“It wasn’t pretty.” –Jay Cutler
The problems with the offense persist. Cutler finishes 12-for-26, 146 yards, 1 interception, 1 TD and a passer rating of 76.8. Early on his accuracy issues had nothing to do with pressure. The Bears’ line actually did a decent job in protection and the pocket held. Cutler missed wide-open throws and was bailed out on the 30-yard reception by Brandon Marshall because of a fantastic adjustment by Marshall.
Cutler looked fantastic when the Bears went into the hurry-up at the end of the first half. On that drive, he threw for 76 yards, capping off an 80-yard drive with an 11-yard TD to Marshall. The two-minute drill was run to perfection. Throughout his career with the Bears, Cutler has looked his most comfortable when things are helter-skelter. He thrives in the hurry-up. So I guess the question is: Why don’t they use it more?
“I’ve always been a big Packers fan…” –Lovie Smith
Smith was joking, but he’ll have to be rooting for Green Bay next week against the Vikings. The league flexed the Packers/Vikings game to 3:25. So, the Bears will have to win their game first against Detroit (which I don’t think will be easy, btw) and then sit and wait to see what happens next.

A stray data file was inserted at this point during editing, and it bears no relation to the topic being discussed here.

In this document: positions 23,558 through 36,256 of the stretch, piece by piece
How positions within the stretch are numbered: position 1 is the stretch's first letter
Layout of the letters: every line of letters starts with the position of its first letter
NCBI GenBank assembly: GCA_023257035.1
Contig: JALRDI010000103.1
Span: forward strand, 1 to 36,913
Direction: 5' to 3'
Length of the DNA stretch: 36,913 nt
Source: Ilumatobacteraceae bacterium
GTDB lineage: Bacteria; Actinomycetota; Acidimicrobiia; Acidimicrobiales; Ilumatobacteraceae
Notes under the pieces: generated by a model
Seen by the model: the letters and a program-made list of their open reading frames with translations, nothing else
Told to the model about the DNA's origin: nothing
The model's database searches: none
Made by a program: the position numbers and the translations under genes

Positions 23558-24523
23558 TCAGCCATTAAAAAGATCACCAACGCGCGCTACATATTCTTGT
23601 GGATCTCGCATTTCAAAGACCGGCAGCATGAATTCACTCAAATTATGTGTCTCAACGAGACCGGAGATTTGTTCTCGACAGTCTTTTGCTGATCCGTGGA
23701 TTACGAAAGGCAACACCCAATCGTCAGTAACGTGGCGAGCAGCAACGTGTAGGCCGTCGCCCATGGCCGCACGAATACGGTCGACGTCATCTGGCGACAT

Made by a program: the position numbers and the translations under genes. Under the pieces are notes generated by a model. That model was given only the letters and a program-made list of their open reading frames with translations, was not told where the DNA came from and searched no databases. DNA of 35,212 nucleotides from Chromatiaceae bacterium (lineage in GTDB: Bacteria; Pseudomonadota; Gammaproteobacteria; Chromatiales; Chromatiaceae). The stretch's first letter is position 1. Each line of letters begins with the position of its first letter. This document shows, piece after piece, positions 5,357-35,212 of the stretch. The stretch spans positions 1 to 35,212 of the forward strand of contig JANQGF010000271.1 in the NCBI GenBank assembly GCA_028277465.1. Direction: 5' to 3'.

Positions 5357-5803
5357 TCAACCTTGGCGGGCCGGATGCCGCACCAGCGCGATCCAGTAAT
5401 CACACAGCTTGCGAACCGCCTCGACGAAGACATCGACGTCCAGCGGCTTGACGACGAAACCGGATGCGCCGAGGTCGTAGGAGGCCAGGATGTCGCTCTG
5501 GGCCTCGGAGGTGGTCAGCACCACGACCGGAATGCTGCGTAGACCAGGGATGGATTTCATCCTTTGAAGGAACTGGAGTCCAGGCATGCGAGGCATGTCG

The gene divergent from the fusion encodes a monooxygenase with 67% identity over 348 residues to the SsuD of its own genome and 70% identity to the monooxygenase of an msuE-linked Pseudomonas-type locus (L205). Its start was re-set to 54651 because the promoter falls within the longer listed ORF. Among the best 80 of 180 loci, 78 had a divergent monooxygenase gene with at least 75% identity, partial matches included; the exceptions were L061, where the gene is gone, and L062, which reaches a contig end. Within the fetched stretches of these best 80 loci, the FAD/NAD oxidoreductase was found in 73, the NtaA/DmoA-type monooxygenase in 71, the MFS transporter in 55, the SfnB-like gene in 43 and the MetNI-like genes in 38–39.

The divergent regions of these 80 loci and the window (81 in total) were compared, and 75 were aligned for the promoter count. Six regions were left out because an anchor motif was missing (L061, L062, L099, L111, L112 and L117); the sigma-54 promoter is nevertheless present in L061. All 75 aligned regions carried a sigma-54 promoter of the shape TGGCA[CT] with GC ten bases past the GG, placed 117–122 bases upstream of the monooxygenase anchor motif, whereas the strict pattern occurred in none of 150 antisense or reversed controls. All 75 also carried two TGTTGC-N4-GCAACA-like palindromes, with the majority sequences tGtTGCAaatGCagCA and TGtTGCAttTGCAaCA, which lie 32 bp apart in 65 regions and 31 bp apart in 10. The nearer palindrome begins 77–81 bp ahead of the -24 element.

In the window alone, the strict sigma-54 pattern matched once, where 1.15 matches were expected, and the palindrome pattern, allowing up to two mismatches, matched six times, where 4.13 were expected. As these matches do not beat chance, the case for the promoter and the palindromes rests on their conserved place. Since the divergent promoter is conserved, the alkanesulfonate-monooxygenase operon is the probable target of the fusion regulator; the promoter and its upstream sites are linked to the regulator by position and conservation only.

What I Was Told
“What record did I set?” –Charles Tillman
When I reached out to Charles, he had no idea that he actually was part of two records Sunday, and it happened on the same play. With the interception for touchdown, Tillman extended his Bears record for defensive touchdowns with his ninth. The interception was also his 33rd, so now Tillman is all alone in career interceptions for a Bears cornerback, passing Donnell Woodford. All three of Tillman’s interceptions this year have gone for touchdowns. So now the Bears are one defensive touchdown away from the 1998 Seattle Seahawks record of 10.
Tillman hates discussing his personal accomplishments. He often says “talk to me about it when I’m retired,” but what he’s done in a Bears uniform is incredible. He’s six interceptions away from breaking the all-time Bears record for interceptions, held by Gary Fencik.
“We need to score!”–Lance Briggs
On Wednesday, Briggs and I were talking about what the defense can do to help get the team out of this downward spiral the Bears have been on. The Bears D is still No. 1 in the Aikman Ratings and is giving up less than 17 points a game. During the six-week slide, defensive scoring has been missing. They got two touchdowns against the Cardinals, but everyone would feel a lot more comfortable if the offense was more consistent. Everyone is still waiting for the O to be more than just a passenger on this train.
One more thing…
The last thing I was told was that Phil Emery watched the game from the sidelines. It’s not unheard of for a GM to watch on the field, but usually they are in the press box watching the game. It lets me know that Emery is looking at how everything works. Over the next two weeks, questions about the future of Lovie Smith and his staff will be answered, but I’m told that Emery is nothing if not thorough in his examination.